We are so fortunate to be so close to somewhere so beautiful. The strange thing was, it was actually made more beautiful by the damage caused by the storms over the winter. The Lake District lost over 500,000 trees apparently. The way the trees were laid out in the Tarn was dramatic. And of course it gave Jonathan (and me) something to climb on and go discovering. There is something deep in the human spirit that drives us to discover; sometimes that discovery goes smaller and smaller, and sometimes it goes bigger and bigger. As I get older I find that I will either do one or the other.IMG_1895

I’ve been setting myself a little test to make sure I take it all in. When we go out for a walk I try to make sure that I take as many small pictures as big ones. Get into the beauty of that little flower, or leaf, or insect, and at the same time realise how huge that sky is and how tall that tree is. Jonathan and Emily are naturals at this; one second they can be telling you about the shape of a cloud and the next showing you a newt in the water that they’ve just discovered. Emily even noticed that the ‘dust’ on the edge of the Tarn wasn’t dust at all – it was thousands of dead insects with their wings glistening in the sunlight.IMG_1885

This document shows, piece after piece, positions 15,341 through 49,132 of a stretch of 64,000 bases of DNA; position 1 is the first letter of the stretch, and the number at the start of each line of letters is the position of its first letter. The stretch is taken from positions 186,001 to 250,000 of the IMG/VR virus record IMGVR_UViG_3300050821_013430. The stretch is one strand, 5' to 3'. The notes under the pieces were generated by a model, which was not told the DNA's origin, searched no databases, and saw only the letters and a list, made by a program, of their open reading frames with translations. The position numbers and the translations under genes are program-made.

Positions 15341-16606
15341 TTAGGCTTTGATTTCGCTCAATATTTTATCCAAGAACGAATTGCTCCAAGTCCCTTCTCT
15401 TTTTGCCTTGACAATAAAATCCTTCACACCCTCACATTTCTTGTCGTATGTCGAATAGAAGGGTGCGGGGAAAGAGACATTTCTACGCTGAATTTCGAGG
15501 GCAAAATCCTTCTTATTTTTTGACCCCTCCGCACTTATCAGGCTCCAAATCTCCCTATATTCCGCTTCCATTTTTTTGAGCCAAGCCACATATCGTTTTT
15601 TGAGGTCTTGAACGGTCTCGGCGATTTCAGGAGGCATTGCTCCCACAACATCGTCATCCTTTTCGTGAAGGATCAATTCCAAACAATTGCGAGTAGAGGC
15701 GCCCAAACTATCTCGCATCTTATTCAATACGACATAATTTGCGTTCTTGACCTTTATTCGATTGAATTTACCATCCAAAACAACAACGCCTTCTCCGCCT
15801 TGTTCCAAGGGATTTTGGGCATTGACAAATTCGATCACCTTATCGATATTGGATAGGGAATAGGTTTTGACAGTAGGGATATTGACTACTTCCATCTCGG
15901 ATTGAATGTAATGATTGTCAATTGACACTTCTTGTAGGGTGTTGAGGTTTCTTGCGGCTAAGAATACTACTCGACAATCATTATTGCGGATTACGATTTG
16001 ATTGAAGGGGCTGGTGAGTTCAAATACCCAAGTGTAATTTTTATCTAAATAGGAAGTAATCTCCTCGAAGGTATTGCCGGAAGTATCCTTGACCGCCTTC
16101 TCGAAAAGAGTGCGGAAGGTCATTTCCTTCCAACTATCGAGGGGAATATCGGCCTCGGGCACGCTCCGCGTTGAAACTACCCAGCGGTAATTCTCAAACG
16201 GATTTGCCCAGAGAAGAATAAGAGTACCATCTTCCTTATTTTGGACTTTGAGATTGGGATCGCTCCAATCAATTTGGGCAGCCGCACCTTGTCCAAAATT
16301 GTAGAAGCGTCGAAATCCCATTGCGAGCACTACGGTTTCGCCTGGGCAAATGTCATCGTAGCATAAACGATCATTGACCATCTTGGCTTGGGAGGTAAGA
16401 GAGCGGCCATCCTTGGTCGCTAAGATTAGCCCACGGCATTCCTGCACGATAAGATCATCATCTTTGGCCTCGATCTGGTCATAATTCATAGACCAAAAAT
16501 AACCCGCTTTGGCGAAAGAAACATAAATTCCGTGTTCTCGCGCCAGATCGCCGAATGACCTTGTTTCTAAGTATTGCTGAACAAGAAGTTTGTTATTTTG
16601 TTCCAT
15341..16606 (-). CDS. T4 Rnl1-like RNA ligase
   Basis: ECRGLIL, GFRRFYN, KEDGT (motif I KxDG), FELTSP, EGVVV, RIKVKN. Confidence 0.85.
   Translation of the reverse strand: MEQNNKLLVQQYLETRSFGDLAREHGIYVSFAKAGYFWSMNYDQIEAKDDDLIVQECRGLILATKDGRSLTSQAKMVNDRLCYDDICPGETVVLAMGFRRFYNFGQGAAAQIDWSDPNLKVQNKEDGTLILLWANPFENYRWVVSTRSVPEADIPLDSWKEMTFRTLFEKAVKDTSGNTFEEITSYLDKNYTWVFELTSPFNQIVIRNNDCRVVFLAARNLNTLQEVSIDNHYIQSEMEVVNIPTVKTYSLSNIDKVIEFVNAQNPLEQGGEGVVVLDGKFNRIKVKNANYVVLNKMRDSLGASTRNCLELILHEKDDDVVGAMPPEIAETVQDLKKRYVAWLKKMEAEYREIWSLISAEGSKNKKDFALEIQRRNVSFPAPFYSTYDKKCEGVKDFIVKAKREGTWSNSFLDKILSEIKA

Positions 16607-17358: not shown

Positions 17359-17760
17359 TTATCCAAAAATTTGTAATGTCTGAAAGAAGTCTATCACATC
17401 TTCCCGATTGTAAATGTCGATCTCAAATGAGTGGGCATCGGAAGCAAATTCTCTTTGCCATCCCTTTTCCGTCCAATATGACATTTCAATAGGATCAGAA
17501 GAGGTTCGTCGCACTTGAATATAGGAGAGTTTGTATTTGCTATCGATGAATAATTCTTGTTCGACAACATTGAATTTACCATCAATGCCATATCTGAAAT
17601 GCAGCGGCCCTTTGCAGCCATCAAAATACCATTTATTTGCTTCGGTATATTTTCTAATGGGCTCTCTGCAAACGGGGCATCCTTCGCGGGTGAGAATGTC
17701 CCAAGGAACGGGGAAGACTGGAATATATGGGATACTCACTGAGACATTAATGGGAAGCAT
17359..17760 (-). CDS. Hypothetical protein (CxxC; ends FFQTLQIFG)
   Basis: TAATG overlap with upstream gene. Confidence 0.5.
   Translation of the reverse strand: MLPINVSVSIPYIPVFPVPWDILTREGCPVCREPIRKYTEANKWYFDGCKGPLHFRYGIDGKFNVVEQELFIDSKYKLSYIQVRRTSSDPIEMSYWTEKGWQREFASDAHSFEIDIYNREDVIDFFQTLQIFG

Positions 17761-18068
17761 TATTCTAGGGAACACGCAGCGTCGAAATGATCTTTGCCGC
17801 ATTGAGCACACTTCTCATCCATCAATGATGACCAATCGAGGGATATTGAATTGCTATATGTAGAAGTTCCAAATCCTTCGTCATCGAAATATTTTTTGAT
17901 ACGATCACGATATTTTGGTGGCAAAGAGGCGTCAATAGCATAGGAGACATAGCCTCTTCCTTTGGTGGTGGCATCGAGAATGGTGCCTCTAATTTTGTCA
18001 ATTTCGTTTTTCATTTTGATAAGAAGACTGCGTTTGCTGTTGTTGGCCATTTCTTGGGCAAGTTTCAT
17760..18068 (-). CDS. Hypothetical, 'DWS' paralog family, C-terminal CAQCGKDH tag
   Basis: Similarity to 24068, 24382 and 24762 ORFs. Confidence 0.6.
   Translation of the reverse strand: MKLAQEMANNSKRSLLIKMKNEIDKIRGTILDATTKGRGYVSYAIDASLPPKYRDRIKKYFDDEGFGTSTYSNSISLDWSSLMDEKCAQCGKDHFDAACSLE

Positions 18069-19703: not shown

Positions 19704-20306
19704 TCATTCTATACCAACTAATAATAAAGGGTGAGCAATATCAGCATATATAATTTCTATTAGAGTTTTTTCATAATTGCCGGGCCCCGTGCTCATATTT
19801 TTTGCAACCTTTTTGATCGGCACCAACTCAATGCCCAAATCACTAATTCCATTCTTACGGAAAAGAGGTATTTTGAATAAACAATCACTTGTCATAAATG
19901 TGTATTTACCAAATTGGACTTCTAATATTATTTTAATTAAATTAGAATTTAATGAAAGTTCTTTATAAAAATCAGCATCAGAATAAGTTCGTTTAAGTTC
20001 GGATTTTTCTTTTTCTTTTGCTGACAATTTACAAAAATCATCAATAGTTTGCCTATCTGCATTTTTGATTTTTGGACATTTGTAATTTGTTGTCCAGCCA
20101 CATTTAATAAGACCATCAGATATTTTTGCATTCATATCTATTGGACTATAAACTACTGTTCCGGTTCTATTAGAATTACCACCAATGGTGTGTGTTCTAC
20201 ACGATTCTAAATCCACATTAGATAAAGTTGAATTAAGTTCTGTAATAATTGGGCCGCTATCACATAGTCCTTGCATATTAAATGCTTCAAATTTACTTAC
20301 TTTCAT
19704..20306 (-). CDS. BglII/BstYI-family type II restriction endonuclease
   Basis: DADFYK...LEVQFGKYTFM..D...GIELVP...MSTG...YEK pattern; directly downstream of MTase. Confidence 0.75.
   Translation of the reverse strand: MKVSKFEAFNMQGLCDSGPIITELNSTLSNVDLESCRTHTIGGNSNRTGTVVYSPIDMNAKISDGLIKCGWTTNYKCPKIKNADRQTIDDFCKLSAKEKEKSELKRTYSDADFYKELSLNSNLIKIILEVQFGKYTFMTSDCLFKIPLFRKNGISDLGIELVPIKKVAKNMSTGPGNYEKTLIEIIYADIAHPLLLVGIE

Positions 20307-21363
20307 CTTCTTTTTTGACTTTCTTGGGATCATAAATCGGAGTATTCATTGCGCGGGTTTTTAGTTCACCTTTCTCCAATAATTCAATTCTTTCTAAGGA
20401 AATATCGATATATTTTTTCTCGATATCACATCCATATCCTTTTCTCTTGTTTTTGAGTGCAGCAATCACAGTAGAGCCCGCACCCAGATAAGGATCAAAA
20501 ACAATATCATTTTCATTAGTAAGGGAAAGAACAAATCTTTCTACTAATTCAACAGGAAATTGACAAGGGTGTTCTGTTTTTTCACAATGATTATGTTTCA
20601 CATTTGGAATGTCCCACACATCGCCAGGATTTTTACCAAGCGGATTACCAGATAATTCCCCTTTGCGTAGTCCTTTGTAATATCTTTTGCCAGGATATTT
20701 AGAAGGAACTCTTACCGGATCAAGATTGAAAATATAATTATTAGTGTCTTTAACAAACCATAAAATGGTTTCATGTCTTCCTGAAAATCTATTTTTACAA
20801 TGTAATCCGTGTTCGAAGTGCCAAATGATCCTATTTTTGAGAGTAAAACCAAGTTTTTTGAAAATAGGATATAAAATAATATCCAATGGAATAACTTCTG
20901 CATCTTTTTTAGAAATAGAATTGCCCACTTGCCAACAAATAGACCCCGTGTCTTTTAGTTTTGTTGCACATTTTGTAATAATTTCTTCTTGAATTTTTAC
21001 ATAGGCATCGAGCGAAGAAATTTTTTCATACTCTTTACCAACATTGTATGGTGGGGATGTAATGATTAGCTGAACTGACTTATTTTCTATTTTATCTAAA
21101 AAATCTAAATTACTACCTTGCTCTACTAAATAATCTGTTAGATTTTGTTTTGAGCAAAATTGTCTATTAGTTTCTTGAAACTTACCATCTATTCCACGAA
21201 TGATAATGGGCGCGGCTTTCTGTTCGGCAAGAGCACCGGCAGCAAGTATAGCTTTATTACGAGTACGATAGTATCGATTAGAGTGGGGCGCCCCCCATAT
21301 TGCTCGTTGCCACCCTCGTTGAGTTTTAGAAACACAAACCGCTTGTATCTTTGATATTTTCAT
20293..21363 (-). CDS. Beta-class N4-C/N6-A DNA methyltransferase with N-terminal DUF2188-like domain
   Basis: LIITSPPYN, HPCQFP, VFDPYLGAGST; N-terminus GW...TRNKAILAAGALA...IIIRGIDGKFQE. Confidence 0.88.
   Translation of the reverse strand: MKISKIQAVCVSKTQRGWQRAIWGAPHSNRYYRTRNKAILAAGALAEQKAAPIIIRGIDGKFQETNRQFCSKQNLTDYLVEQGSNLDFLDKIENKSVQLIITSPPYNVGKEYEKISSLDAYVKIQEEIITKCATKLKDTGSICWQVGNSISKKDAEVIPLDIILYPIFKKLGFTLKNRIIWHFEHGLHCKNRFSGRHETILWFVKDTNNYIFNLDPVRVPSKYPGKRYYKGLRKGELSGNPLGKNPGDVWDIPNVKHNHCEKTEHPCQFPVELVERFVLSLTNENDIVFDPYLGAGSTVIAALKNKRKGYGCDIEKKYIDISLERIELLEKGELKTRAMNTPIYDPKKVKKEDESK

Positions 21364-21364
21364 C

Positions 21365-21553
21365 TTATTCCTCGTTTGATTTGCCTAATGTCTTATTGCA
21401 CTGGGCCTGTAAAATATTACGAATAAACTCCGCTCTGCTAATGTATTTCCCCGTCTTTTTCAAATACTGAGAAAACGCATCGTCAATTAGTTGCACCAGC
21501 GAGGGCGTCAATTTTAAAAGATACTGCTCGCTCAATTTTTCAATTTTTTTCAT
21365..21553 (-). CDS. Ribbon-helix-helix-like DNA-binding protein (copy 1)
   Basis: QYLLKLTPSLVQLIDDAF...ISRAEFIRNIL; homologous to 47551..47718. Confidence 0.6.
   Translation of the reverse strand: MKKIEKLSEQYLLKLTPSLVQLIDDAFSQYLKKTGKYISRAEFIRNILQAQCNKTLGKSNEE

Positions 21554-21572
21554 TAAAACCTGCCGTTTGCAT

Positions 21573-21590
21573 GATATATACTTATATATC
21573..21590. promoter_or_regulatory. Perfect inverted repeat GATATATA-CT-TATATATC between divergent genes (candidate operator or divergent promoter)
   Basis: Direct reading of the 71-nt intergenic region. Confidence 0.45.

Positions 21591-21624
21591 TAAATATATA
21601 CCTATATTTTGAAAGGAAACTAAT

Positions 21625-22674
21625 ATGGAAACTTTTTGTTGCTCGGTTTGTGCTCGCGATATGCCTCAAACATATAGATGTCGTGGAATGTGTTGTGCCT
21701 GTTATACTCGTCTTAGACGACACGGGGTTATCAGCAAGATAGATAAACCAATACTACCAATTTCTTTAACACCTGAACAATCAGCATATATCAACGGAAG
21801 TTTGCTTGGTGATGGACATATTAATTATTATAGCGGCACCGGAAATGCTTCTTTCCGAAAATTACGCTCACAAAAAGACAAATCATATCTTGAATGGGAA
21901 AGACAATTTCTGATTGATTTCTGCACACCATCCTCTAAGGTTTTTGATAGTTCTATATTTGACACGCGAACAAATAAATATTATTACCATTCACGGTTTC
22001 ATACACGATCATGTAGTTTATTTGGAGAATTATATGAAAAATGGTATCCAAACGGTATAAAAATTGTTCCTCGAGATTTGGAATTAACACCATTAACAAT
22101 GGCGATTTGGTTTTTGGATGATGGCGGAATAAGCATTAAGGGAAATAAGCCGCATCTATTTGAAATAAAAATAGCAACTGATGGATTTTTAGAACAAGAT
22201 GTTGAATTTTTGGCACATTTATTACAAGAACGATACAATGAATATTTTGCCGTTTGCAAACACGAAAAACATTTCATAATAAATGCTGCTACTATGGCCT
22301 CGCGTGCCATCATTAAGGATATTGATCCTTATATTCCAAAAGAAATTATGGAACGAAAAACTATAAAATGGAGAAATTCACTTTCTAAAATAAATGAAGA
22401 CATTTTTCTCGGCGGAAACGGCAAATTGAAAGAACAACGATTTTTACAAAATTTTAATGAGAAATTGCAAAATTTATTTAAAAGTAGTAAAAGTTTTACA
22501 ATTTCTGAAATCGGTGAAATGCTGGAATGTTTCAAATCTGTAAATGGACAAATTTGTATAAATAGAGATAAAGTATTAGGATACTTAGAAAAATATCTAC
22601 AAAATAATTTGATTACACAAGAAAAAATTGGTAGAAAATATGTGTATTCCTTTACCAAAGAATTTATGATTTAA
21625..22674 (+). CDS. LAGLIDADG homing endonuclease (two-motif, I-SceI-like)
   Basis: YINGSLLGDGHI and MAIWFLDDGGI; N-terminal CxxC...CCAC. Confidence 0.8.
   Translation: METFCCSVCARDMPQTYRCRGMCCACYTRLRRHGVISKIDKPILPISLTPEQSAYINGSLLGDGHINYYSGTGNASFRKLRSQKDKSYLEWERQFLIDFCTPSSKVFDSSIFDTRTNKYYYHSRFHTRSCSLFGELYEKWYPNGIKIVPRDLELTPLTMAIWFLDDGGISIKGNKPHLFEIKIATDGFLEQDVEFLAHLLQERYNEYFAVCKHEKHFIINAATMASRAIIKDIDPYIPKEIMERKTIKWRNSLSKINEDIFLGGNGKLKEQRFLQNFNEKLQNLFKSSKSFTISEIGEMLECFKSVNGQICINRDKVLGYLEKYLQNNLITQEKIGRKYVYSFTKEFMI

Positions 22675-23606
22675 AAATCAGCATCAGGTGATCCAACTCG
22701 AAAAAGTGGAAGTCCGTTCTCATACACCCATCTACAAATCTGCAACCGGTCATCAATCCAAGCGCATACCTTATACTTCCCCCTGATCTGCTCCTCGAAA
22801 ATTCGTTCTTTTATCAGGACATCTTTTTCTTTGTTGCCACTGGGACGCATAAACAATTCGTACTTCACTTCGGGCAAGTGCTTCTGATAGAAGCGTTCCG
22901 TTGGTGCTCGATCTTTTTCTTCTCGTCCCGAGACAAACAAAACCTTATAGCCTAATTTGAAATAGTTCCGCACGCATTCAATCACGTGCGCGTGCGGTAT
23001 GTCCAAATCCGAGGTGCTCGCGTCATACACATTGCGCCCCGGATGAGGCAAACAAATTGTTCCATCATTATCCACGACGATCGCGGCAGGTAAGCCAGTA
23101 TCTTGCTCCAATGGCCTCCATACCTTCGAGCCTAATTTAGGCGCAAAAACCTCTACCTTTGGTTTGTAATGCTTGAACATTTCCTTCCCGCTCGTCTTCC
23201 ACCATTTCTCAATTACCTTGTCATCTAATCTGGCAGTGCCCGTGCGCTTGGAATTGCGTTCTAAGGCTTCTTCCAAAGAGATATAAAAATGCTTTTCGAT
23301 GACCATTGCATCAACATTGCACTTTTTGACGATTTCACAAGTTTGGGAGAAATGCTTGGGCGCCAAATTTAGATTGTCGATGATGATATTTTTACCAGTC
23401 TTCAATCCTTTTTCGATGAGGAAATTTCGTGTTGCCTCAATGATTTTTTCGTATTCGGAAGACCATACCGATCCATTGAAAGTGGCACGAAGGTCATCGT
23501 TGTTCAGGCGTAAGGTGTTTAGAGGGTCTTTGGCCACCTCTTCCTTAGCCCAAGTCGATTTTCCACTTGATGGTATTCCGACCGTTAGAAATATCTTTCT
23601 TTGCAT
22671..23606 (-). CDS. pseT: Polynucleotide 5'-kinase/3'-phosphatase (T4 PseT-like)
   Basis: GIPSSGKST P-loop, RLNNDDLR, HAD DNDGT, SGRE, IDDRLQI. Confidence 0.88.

The discovery hadn’t finished there though; we even managed to round the day off by discovering a little Italian Restaurant down a little alleyway in Bowness-on-Windermere (of all places).

I love days of discovery.

Count Your Blessings #3

Somewhere above Garstang

Friday evening was another fun one. In the Chastney household Friday’s are normally quite bitty with Jonathan and Emily in and out to dancing and Ignition (youth club at church) so Sue and I spend much of the evening being a taxi. This week though, there wasn’t any Ignition and Emily’s dancing finishes reasonably early. So this week we decided to have a bit of an adventure, break free and do something different. We are the type of people who revel in the simple things of life, so for us our adventure was to drive North of Preston to a little village called Scorton. In Scorton the little village shop is normally open quite late and serves home made Ice Cream. They really are fabulous. And the nice thing about Scorton is that it’s right on the edge of the Trough of Bowland where you can get some fabulous views of Morecombe Bay and the Lake District.